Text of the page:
Top-of-rack switching is a network architecture design in which computing equipment like servers, appliances and other switches located within the same or adjacent rack are connected to an in-rack network switch. The in-rack network switch, in turn, is connected to aggregation switches via fiber optic cables.
Despite its name, top-of-rack (ToR) switches can be placed anywhere in the rack. But to enable access to the horizontal fiber optic cabling plant that connects in-rack switches to aggregation switches, they are usually positioned near the top of the rack.Content Continues Below
ToR deployment options
In high-density data center deployments, in-rack switches are placed in every rack and, in most cases, connected to a computing device such as a bare-metal server or blade server chassis. Each in-rack switch, in turn, is connected to the aggregation switch block using fiber. Connections within the rack can be any combination of copper, fiber or direct access cabling.
Among other capabilities, ToR switches handle operations, including Layer 2 and Layer 3 frame and packet forwarding, data center bridging and the transport of Fibre Channel over Ethernet for the racks of servers connected to them.
Weighing the advantages and disadvantages of ToR switching
ToR offers many benefits, but also some drawbacks. Cabling complexity is reduced because all of the servers connect to the switch on the same rack and only a few wires need to run outside the rack to reach the aggregation switch. Cable length and the amount of cabling are reduced, as well. A ToR design can often be easily upgraded to 10 Gigabit Ethernet (GbE), 40 GbE or 100 GbE, without incurring many costs or necessitating a change in cabling.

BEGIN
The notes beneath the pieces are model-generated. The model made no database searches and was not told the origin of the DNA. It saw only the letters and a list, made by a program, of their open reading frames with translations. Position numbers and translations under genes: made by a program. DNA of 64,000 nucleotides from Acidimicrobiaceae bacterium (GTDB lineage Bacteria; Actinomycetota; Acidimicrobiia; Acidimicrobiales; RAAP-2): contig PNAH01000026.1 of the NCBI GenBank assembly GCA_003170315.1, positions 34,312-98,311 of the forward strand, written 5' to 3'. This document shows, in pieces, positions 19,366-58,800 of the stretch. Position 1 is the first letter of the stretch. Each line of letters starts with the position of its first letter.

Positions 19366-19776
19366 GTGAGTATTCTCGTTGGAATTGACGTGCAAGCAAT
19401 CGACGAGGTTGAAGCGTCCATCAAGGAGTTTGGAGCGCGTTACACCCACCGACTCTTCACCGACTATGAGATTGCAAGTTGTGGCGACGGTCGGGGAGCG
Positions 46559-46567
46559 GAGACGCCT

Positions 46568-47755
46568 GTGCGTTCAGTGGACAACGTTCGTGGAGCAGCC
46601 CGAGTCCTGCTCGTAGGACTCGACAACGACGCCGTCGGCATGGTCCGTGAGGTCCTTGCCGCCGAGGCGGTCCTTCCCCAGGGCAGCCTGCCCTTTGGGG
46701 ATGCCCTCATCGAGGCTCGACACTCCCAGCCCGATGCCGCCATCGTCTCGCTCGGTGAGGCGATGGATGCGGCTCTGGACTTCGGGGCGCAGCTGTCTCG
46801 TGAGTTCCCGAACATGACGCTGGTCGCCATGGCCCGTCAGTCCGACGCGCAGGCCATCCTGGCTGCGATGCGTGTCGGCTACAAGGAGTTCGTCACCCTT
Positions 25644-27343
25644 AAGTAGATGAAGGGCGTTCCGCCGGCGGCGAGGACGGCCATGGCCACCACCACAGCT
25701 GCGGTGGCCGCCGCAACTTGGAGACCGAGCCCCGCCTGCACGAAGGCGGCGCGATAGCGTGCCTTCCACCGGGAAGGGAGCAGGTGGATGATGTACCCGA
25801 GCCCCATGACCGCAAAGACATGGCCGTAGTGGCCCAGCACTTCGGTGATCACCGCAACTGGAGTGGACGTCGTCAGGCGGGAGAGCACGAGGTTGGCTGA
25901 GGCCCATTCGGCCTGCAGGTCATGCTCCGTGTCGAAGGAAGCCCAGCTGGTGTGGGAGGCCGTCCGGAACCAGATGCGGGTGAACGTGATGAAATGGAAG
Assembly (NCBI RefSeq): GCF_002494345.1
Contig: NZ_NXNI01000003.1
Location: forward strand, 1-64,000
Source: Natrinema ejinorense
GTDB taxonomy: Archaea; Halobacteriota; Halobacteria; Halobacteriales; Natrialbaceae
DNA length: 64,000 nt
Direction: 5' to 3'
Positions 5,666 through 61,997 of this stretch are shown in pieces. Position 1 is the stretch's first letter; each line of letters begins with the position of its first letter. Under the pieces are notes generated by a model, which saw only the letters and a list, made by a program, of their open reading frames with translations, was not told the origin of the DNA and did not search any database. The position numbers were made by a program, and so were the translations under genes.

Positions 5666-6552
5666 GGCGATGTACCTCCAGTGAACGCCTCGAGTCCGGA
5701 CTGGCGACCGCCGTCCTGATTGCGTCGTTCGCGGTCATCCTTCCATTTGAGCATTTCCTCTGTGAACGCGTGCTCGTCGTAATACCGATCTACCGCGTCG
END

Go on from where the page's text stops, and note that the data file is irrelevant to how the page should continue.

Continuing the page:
Other benefits of ToR include combining one network switch for two or three racks, if they are low-density deployed racks. In other instances, ToR architecture boosts modular deployment. A pre-assembled rack with all the necessary cabling and switches can be quickly connected and deployed on site.
Conversely, capital and maintenance costs might be higher. The distributed architecture of a ToR design requires the need for more physical switches. There also is the potential that several ToR switches may end up being underutilized. This can result in unnecessary power usage and cooling increases without a direct benefit to performance. Finally, if the ToR architecture calls for a single in-rack switch to be deployed per rack, if that switch fails, an entire rack will be taken offline.
ToR switching versus end of row switching
ToR and end-of-row (EoR) switching are both popular options for data centers and other network arrangements that call for a large number of servers to connect. EoR switching differs from ToR switching because EoR design calls for each server in a rack to be directly connected to a common aggregation switch, without connecting to individual switches within the rack.
EoR designs almost always require a much larger horizontal cable plant. Often, there will be multiple EoR switches in a data center, one per row or sometimes one to connect a certain number of racks. However, if the cable plant is already in place in a pre-existing data center, it's often easier and more cost effective to reuse it when switch hardware is upgraded. This is as opposed to ripping and replacing the horizontal cable plant to convert it to a ToR cabling design. So, the re-cabling cost, in addition to the more expensive capital expense due to the additional hardware requirements of a ToR architecture, can sway data center operators to stick with an EoR architecture. But if this is a greenfield data center deployment where an existing EoR cable plant doesn't exist, the flexibility benefits of a ToR architecture supersede the nominal increase in hardware capital expenditures.